There are about 5 million people who work from home. Bloggers, freelancers, remote workers, and gig economy players are enjoying the benefits of working from home.
There may be some tax advantages, too. The home office deduction is one of the biggest benefits of working from home.
The IRS has pretty strict rules about writing off home expenses. You don’t want to get into an audit situation to find that you did it all wrong.
Want to know more? Keep reading to learn about taking home office deductions to lower your tax bill.
The Rules Around Home Office Deductions
Do you qualify for a home office deduction?
You can qualify if you’re self-employed, you may be able to take the deduction. The big decider is whether or not you use part of your home exclusively for business.
If you have a separate room in the house that you use as an office, the answer is yes. If you sit at a kitchen table to do your work, that won’t count because that area isn’t used exclusively for business.
Your home also has to be your principal place of business. If you rent an office in one place, you probably won’t be able to claim both an office and a home office. You’d want to check with a tax professional about that.
I’m an Employee. Do I Qualify for Home Office Deductions?
One of the changes to come out of the Tax Cuts and Jobs Act of 2017 is how remote workers are treated.
Up until the tax law was passed, employees who worked remotely would qualify for home office deductions, provided that they passed the other tests.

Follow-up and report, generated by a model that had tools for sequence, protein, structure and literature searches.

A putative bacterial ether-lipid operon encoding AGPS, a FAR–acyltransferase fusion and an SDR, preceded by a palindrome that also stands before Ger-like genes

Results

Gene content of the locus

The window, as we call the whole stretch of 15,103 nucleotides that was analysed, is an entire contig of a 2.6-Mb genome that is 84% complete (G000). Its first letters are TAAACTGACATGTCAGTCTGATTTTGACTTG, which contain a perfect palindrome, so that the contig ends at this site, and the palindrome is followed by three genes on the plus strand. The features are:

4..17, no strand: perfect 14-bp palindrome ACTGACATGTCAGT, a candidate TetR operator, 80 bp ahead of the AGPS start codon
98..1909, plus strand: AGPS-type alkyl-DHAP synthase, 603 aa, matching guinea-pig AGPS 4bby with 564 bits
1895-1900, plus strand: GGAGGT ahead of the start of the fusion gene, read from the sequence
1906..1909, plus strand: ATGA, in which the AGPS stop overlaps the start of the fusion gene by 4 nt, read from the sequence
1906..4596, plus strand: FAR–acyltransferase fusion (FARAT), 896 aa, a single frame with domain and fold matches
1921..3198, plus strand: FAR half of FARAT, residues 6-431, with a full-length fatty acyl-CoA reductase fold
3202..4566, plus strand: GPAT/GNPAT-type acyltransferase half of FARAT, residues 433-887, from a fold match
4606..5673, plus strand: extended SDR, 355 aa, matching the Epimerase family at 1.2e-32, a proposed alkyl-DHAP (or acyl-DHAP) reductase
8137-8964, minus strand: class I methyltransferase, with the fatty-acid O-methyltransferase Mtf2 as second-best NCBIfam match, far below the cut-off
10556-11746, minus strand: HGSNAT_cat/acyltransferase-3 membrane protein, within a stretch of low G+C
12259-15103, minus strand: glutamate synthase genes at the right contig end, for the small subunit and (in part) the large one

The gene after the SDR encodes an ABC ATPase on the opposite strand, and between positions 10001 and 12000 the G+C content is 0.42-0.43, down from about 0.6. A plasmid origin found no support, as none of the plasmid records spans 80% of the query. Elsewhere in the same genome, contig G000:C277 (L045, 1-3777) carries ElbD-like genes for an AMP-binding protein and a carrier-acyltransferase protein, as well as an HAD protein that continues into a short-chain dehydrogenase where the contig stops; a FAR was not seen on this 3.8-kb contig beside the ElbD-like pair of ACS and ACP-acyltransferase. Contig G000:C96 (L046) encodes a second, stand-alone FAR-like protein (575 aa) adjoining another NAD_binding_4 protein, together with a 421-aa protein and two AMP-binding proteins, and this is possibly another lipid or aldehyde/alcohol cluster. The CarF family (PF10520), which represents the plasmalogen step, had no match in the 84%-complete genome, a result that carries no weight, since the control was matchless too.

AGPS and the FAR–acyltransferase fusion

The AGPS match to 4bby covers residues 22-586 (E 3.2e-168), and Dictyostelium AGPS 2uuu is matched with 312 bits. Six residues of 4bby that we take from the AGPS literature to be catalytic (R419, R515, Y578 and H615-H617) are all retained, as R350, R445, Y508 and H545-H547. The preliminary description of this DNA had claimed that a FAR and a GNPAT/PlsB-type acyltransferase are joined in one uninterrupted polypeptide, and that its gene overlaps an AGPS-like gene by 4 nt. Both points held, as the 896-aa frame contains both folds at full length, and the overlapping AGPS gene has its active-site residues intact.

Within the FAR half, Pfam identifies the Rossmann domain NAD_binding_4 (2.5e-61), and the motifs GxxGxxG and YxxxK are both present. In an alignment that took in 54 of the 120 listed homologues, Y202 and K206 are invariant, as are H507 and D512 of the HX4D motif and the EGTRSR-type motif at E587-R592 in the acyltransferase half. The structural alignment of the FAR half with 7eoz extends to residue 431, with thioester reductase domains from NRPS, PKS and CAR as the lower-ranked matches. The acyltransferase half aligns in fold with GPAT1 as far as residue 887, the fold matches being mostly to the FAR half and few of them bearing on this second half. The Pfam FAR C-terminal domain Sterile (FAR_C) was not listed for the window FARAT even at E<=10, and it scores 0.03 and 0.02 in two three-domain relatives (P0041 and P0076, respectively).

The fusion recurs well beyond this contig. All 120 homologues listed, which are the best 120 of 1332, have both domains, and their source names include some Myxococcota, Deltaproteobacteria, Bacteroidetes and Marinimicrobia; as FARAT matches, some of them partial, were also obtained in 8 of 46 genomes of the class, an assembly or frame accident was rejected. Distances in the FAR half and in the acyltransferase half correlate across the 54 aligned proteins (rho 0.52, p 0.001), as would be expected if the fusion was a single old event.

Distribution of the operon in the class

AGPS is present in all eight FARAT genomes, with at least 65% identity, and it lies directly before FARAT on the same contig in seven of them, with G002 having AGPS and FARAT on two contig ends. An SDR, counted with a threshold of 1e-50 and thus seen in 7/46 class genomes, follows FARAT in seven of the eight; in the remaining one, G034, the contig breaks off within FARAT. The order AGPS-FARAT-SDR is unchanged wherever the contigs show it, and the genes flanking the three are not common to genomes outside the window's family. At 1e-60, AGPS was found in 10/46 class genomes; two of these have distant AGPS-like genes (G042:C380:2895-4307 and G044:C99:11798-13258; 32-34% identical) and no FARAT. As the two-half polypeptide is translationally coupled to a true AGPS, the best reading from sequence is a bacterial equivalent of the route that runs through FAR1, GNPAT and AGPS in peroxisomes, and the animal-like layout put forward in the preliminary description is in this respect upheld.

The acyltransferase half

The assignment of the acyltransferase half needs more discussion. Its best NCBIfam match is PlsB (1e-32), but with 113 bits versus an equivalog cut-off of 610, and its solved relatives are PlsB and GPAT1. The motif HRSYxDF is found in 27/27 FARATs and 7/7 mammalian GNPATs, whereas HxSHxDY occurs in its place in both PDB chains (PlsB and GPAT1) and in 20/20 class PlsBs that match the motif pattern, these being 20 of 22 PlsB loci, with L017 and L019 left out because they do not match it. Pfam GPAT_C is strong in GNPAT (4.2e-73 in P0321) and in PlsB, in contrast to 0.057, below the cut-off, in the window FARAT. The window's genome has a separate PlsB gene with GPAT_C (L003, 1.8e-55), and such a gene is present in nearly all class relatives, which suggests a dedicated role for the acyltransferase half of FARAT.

The deductions couldn’t exceed more than 2% of their income. For some people, that could mean big tax savings for remote workers.
After 2018, this deduction was removed for employees, leaving them to scramble to pay more in taxes. This will be in effect until 2025. At that point, it’s anyone’s guess as to whether or not that will be reinstated.
What Can You Deduct?
If you learned that you qualify for the home office deduction, what exactly can you deduct? You can deduct a number of things.
You have two ways to calculate the deduction. You can deduct $5 a square foot up to 300 feet. You can also divide the square footage of the space used for business and divide it by the total square footage in the home.
You then apply that percentage to your utilities, rent or mortgage, insurance, fees, internet, phone, and repair costs.
During the year, you can make taxes easier on yourself by going to www.paystubcreator.net and print pay stubs. This way, when tax time rolls around, you can have your income and home office deductions ready to go.
Lower Your Tax Bill with a Home Office
There are a lot of advantages to working from home and having your own business. One of them is lowering your tax bill with home office deductions.
Now that you know more about working from home, you’re going to want to get the latest tech in your home office. Check out this site for the latest tech deals.